[Skip to Content]
Access to paid content on this site is currently suspended due to excessive activity being detected from your IP address 54.205.87.3. Please contact the publisher to request reinstatement.
[Skip to Content Landing]
Views 292
Citations 0
JAMA Ophthalmology Clinical Challenge
September 2016

Leukocoria and Decreased Vision Detected During a Routine Pediatric Screening Eye Examination

Author Affiliations
  • 1Illinois Eye and Ear Infirmary, Department of Ophthalmology and Visual Sciences, University of Illinois at Chicago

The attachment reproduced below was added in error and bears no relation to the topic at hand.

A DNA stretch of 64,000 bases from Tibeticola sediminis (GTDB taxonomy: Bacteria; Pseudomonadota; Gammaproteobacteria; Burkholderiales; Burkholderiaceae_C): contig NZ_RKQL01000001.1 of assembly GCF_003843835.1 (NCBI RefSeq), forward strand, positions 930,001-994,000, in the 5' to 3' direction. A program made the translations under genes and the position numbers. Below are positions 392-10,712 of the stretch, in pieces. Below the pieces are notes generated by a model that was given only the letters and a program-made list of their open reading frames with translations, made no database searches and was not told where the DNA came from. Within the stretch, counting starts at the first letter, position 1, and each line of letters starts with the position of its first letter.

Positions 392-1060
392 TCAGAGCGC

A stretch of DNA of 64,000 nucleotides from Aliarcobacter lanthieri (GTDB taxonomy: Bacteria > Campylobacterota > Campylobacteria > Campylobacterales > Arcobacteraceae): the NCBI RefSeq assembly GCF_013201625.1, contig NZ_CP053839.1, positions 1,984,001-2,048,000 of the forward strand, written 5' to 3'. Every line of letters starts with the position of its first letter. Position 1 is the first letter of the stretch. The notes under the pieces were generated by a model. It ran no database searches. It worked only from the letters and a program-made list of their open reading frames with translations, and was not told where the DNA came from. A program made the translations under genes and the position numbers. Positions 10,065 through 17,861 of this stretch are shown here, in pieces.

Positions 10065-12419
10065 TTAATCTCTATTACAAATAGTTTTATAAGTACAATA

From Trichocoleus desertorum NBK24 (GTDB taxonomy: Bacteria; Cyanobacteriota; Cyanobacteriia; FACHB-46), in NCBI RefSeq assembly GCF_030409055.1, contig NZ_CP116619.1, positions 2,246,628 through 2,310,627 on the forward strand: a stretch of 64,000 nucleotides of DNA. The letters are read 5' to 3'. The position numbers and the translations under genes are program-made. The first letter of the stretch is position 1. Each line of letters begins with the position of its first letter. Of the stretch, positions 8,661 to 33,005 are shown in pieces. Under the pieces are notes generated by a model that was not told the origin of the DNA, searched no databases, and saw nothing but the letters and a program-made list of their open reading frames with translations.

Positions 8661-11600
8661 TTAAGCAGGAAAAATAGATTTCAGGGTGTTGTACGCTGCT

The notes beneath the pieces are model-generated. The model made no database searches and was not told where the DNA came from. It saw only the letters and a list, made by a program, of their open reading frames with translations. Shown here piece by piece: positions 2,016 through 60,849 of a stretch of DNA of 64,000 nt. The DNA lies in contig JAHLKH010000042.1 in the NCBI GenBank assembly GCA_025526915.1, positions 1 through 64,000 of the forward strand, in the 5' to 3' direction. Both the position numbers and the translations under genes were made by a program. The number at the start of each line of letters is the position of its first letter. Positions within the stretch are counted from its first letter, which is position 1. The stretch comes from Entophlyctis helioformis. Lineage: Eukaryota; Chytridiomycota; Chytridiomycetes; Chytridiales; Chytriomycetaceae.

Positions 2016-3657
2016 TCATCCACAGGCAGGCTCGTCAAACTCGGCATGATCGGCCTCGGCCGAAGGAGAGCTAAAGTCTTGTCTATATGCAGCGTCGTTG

JAMA Ophthalmol. 2016;134(9):1069-1070. doi:10.1001/jamaophthalmol.2016.1687

A 2-year-old African American boy with no significant medical or ocular history was referred to the pediatric ophthalmology clinic after his pediatrician noted leukocoria in his left eye during a routine well-child visit. His visual acuity was 20/30 OD but the child was unable to read the distance chart with his left eye. His vision was central, steady, and unmaintained in the left eye. Worth 4-dot testing showed evidence of suppression in the left eye. There was a relative afferent pupillary defect in the left eye. Intraocular pressure was soft by palpation in both eyes. The eyelids, conjunctiva, sclera, cornea, anterior chamber, iris, and lens were unremarkable in both eyes. Fundus examination of the right eye was normal. The fundus examination of the left eye revealed the findings shown in Figure 1.

First Page Preview View Large
First page PDF preview
First page PDF preview
×